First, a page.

The s’more the merrier: Local girls are pioneers in the new world of Scouting


by Jackie Nunnery

Chloe Bustle, Emma Kimball and Olivia Metsala practice their knowledge of first aid.

It has been just two years since the Boy Scouts of America (BSA) announced they would allow girls to join its Cub Scouts and Boy Scouts programs. In that time, roughly 31,000 girls have signed up in search of adventure, according to the BSA—but these girls are also finding leadership opportunities, life lessons and lifelong friends in the process.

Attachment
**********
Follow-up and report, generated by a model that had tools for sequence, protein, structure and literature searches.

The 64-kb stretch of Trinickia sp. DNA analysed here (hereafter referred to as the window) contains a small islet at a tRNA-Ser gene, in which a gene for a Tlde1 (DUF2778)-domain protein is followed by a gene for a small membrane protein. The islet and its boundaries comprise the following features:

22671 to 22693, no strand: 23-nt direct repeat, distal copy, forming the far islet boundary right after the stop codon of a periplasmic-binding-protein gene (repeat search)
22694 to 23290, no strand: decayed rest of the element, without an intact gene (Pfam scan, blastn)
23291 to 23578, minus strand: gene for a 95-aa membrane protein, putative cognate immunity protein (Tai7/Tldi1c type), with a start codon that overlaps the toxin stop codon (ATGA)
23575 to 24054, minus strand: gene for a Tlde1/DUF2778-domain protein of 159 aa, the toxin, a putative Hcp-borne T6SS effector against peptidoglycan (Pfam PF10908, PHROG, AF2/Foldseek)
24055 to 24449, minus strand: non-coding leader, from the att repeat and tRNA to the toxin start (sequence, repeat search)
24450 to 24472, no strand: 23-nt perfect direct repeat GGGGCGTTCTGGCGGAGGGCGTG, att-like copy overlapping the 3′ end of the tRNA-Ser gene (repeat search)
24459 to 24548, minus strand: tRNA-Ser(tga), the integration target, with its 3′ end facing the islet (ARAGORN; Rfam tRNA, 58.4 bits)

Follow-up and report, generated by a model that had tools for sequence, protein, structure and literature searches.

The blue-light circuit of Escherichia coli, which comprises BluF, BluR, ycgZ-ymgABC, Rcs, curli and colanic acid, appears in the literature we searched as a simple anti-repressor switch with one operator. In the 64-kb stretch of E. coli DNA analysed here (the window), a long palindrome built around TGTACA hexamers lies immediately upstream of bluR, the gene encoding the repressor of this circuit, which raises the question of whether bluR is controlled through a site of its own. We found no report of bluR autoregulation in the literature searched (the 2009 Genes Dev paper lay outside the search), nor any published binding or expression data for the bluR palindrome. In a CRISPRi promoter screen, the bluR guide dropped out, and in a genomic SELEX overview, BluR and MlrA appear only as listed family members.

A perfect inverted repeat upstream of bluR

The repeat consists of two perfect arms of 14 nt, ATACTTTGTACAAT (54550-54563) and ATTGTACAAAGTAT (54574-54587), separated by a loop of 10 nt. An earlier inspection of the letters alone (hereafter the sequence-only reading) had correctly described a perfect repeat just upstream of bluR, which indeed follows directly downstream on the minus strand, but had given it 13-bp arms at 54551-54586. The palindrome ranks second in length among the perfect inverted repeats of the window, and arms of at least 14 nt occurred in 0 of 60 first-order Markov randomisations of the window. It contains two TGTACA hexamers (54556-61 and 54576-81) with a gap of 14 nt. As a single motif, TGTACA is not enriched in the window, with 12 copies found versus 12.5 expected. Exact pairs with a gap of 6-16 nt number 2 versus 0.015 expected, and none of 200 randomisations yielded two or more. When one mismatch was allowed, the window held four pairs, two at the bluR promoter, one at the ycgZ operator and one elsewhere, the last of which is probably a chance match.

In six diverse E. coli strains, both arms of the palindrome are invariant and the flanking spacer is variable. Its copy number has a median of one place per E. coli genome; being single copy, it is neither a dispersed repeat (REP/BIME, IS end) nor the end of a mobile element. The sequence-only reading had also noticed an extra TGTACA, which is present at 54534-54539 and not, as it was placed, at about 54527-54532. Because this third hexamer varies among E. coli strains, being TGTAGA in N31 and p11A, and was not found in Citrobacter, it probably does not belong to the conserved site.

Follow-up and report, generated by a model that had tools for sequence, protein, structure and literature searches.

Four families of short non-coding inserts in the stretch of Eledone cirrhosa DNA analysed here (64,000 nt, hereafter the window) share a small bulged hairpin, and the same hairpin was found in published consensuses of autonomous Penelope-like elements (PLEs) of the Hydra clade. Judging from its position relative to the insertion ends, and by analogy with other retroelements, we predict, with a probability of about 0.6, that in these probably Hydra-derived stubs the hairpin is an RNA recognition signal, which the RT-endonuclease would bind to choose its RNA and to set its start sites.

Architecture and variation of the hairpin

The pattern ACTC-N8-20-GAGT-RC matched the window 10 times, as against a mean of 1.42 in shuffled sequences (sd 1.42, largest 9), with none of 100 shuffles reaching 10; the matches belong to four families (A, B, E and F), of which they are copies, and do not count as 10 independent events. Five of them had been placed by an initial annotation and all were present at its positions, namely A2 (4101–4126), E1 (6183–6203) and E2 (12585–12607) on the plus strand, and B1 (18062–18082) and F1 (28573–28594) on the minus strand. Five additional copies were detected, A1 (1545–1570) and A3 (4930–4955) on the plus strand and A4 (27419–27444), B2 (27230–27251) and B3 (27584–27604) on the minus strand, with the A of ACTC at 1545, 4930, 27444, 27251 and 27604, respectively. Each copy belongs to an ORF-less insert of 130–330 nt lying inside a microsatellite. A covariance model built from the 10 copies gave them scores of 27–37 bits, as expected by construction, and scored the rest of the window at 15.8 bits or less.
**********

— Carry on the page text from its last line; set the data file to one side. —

When the BSA first announced the historic change in 2017, it was after 107 years of programming just for boys and in response to “years of requests from families and girls.” The BSA indicated their research had also shown that many parents were interested in “participating in scouting as a family.”

And for local girls in Scouts BSA—as the Boy Scouts are now known—family members are often how they learn about, and become interested in, scouting. Emma Kimball, 12, a member of Troop 250G in Northumberland County, has a brother in scouting. Kimball had tried Girl Scouts, but found she was “more interested in what my brother was doing.”

Olivia Metsala, 12, another Troop 250G member, also tried Girl Scouts in the first…

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